Australia’s Pension Watchdog Tells Another Fund It Has to Merge
(Bloomberg) -- After years of warning Australian pension funds to fix their performance, the nation’s prudential regulator has told a second firm to merge with a bigger and better-performing rival.
Christian Super, the A$2 billion ($1.4 billion) fund that invests in line with Christian values, has until July 31 to implement a plan to combine with a larger fund due in part to its persistent underperformance, the Australian Prudential Regulation Authority said in a statement Tuesday. The fund’s operating license has been restricted and it must use an independent expert to ensure the merger talks are in the best financial interests of its members, the statement said.
“Christian Super has a legal obligation to protect the best financial interests of its members,” APRA member Margaret Cole said. “In light of its ongoing underperformance, APRA’s assessment is that the optimum way for Christian Super to do this is to move its members to a better performing and more sustainable product as soon as possible.”
It’s the second fund in as many months that APRA has targeted after finding Christian Super and nine other default retirement savings plans were among the nation’s worst performers for a second year. The regulator last month told Energy Industries Superannuation Scheme it must merge by end-June due to its persistent underperformance and governance issues.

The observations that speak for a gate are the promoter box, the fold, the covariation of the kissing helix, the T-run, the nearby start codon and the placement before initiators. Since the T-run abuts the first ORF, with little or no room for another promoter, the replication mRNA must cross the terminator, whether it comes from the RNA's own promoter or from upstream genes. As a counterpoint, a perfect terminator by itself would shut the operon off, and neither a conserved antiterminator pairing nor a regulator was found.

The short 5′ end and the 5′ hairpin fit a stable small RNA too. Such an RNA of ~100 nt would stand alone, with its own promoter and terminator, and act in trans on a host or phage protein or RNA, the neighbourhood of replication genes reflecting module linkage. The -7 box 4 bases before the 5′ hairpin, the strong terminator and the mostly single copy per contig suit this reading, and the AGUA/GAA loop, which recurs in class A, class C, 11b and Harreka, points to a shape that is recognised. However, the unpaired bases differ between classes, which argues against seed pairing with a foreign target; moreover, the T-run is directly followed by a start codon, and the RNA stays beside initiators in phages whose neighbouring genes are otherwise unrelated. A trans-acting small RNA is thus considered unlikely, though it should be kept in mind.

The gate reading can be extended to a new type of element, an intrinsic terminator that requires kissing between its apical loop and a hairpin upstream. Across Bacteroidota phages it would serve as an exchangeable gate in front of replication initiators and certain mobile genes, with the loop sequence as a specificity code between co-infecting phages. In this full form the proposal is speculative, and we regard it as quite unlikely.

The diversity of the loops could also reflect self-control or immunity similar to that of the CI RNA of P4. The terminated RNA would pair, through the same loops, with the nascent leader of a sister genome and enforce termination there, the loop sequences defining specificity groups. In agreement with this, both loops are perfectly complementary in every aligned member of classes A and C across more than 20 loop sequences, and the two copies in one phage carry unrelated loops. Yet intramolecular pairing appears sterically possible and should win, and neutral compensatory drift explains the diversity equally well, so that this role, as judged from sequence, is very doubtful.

Read More: Australia Needs Large-Small M&A for Pension Funds, APRA Says
The country’s A$3.4 trillion pension industry is under pressure to lift its performance after a series of reviews found the system was beset by poorly-performing funds and high fees. The regulator in 2019 published its first so-called heatmap assessment of default investment plans, warning funds it would take action if performance wasn’t improved.
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